History of the Condom

the condom’s image has been powerfully linked with a spectrum of human emotions, from sexual liberation to shame, fear and rage.

by James H. Marsh for the book Hardware: The Art of Prevention, edited by Hugh Rigby and Susan Leibtag

Although the provenance of the word “condom,” like that of so many English words, is obscure, it is persuasively associated with an enterprising English doctor at the court of King Charles II. Dr. Condum’s “happy invention” was celebrated in an anonymous poem in 1708 for its power to “quench the heat of Venus’s fire/And yet preserve the Flame of Love’s Desire.”

Since then the condom’s image has been powerfully linked with a spectrum of human emotions, from sexual liberation to shame, fear and rage. Much of the power of the image comes from the condom itself, implying the erect penis and the most intimate sexual contact.

Necessity and ingenuity have invented and reinvented the condom in diverse cultures. Evidence of its use on ancient Egypt or Rome or even in prehistoric cave paintings is equivocal. In the absence of knowledge of viruses, the purpose may have been more decorative than protective. The first indisputable reference to a protective sheath was published in 1564 by the brilliant Italian anatomist Gabriello Fallopio, who described a linen coat designed either to fit the glans of the penis or (more painfully) to be inserted into the urethra. Eleven hundred men tried the contraption, Fallopio claimed, and none were infected with venereal disease.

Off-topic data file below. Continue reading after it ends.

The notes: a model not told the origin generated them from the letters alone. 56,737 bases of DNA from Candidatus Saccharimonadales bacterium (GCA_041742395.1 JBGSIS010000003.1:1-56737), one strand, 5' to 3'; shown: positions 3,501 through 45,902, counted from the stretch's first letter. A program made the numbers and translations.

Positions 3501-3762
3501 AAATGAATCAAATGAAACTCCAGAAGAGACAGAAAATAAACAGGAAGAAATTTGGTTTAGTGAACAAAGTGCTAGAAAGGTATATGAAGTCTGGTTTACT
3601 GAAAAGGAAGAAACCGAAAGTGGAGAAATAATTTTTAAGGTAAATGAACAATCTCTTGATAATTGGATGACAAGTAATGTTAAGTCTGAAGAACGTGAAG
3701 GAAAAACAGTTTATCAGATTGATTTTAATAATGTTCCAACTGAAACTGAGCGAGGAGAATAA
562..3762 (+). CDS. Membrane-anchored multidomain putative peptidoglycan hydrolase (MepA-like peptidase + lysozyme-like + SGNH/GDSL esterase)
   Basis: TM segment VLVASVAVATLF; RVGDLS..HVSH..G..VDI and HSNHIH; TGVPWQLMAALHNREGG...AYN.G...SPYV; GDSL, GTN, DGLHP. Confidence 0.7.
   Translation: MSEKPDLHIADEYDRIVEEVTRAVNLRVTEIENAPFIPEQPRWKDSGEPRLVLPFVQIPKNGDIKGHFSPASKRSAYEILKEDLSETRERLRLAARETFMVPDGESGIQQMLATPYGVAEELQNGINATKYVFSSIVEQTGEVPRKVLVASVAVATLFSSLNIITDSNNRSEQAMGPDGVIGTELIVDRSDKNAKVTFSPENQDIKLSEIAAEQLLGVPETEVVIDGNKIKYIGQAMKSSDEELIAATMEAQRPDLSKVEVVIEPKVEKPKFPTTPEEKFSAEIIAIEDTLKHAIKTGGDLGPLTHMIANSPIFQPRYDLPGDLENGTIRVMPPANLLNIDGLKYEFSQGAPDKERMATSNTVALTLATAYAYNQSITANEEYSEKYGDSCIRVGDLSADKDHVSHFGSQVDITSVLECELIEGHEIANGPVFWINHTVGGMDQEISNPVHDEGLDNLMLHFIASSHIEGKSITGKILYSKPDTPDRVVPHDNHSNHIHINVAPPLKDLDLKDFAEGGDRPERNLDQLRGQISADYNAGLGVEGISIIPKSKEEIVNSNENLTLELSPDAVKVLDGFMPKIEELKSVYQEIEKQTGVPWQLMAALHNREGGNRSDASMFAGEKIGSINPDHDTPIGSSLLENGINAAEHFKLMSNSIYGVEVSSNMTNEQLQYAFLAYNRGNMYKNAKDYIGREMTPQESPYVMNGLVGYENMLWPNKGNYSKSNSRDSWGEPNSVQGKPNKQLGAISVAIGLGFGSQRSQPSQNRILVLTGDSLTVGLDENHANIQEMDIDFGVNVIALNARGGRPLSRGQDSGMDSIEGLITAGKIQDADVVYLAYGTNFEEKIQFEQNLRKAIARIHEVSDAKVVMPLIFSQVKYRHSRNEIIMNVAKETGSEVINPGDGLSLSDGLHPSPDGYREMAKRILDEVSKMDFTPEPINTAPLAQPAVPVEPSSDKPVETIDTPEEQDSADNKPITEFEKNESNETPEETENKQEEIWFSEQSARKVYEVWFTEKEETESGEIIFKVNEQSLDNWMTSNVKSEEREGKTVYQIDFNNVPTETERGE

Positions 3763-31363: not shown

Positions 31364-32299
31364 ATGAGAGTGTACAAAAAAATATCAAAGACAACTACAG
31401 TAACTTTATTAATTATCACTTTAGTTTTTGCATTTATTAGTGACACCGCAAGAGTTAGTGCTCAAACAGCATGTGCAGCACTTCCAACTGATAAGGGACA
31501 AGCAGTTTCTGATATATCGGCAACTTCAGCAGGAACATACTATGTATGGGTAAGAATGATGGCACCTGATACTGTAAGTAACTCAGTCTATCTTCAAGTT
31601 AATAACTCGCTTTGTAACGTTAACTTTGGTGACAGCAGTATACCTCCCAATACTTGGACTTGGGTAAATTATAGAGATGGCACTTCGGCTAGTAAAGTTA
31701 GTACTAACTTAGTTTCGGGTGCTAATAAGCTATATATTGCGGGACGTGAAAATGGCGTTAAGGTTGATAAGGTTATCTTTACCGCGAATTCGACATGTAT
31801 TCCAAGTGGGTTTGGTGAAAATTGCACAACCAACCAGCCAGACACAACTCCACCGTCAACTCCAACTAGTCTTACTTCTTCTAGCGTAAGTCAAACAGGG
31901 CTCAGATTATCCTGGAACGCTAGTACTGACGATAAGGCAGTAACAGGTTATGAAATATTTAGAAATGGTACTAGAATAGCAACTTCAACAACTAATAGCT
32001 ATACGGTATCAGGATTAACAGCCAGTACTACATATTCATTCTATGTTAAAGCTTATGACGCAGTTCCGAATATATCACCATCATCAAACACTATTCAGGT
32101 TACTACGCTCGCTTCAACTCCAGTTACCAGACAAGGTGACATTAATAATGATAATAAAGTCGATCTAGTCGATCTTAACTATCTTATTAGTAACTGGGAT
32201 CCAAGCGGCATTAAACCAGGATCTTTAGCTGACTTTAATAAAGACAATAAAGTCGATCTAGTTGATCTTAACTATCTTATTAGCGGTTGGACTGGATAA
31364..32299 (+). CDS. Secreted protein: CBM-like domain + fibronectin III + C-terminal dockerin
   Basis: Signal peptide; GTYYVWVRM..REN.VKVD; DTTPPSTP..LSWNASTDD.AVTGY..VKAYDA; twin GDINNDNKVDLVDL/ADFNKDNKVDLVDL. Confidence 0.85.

Since sex outside marriage or even within it, when it is not for the purpose of procreation, is regarded as a sin in Western Christian society, the little apparatus was immediately reviled by the Church as a “filthy” and “nasty” incitement to lust. The attitude that disease, even death, is just punishment for sexual transgression persists to this day.

Casanova entertained his women by blowing up his “English overcoats” like balloons (Library of Congress).

The promise that the condom could, as Casanova himself wrote, put “one’s mind at rest” about unwanted pregnancy (and heirs) was the second great appeal. A 17th century poem by the son of a prominent English bishop even rejoiced in the liberating effect that the condom would have on young women, now freed from the “big Belly, and the squawking brat.”

Early condoms were made from sheep’s caeca, the large blind pouch forming the beginning of the large intestine. It was steeped in water, scraped and washed. “Superfine” condoms were scented, stretched on a mould and polished with glass. The first known advertisements for condoms, in 17th century London, were handbills carrying the following sales pitch:
“To guard yourself from shame or fear,
Votaries to Venus, fasten here;
None in our wares e’er found a flaw,
Self-preservation’s nature’s law.”
This now familiar claim of reliability resulted in orders from France, Spain, Portugal, Italy and elsewhere.

It was not until Goodyear invented the process of vulcanizing rubber in 1843-44 that there was a real means of producing cheaper and truly reliable condoms. “Rubbers” became widely available in the 1870s, but they still needed a means of advertisement. This was provided by 19th century sociology as the Malthusian league persuasively linked overpopulation and poverty and made dire predictions for the future if population was not controlled. The League promoted the use of condoms but made little headway until two of its members were tried and jailed for their activities. Press reports of the trial carried information on contraception further than the League had dared. Indeed the spread of this information, once the domain of the literate upper classes, has been convincingly linked to the decline in the English birth rate in the late 19th century.